Salon: Is “baby fever” killing my chance to have kids?
Fertility matters, yes. But biological clock extremists are preventing women from enjoying healthy relationships.
Rachel Kramer Bussel, DAME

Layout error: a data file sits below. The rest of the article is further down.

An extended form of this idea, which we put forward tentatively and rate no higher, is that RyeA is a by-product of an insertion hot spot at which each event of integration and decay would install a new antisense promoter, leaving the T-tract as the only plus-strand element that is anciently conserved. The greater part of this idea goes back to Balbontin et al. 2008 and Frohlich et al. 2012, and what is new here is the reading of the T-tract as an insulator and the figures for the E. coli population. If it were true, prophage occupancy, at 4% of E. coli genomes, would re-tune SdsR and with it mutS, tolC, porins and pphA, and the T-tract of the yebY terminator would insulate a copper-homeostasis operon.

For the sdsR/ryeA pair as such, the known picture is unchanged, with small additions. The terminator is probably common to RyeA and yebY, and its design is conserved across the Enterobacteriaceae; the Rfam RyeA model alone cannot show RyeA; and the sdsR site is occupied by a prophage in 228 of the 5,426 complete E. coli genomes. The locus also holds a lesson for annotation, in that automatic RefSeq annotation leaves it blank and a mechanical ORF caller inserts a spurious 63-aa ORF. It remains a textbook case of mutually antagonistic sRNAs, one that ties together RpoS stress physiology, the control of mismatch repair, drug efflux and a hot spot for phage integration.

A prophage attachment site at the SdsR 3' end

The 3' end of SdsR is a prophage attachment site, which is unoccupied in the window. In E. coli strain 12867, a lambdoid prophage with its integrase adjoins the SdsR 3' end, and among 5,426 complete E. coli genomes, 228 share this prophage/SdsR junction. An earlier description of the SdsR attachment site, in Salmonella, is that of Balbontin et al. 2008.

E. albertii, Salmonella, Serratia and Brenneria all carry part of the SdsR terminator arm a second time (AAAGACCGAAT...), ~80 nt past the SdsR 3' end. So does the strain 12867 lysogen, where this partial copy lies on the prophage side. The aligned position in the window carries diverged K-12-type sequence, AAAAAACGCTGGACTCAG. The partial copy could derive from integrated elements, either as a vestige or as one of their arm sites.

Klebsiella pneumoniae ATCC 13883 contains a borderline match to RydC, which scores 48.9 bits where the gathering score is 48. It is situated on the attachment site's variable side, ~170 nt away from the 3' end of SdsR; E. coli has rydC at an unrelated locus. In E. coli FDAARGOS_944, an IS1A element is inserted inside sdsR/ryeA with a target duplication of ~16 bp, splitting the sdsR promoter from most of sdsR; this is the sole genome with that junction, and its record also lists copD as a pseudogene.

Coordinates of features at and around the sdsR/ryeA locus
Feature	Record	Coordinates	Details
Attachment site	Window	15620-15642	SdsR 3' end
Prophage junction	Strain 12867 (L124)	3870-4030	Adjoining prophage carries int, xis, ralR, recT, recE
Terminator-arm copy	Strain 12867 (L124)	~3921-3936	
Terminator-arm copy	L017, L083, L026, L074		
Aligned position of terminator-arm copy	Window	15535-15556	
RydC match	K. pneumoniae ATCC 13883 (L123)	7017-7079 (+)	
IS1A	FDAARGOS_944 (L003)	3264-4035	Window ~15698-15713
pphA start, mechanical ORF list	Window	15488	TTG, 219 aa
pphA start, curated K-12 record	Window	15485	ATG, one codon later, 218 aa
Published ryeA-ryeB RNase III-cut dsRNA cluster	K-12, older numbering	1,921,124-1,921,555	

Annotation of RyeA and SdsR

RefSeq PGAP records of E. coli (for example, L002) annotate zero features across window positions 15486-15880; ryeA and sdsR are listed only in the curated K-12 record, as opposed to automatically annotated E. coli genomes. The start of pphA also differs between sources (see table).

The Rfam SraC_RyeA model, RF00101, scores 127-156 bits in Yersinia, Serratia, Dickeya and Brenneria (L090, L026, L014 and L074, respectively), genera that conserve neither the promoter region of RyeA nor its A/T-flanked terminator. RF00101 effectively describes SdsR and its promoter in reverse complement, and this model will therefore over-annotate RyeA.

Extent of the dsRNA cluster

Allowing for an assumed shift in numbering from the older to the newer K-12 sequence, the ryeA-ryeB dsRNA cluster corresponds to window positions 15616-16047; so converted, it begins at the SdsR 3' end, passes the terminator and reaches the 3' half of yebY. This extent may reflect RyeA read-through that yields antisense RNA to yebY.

"That’s why, when the cultural noise about why we should start thinking about our fertility in our twenties got so loud this year, I was thrilled to read Savvy Auntie founder Melanie Notkin’s book Otherhood: Modern Women Finding a New Kind of Happiness. In some ways, it’s a sad book, because there are so many women in it who, I’m pretty sure, would have made excellent moms, but for various reasons, haven’t gotten that chance so far. But what made it so valuable to me is that it took into account all the other factors, aside from our aging eggs, that go into the decision to have kids or not. As Notkin writes, “Often, a woman’s involuntary childlessness, such as mine, is misinterpreted as having come about by choice. In fact, I’ve always envisioned motherhood as part of the romantic wholeness of marriage and family—and in my mind, it still is inseparable from love. Without one, I haven’t had a chance at the other.” Exactly."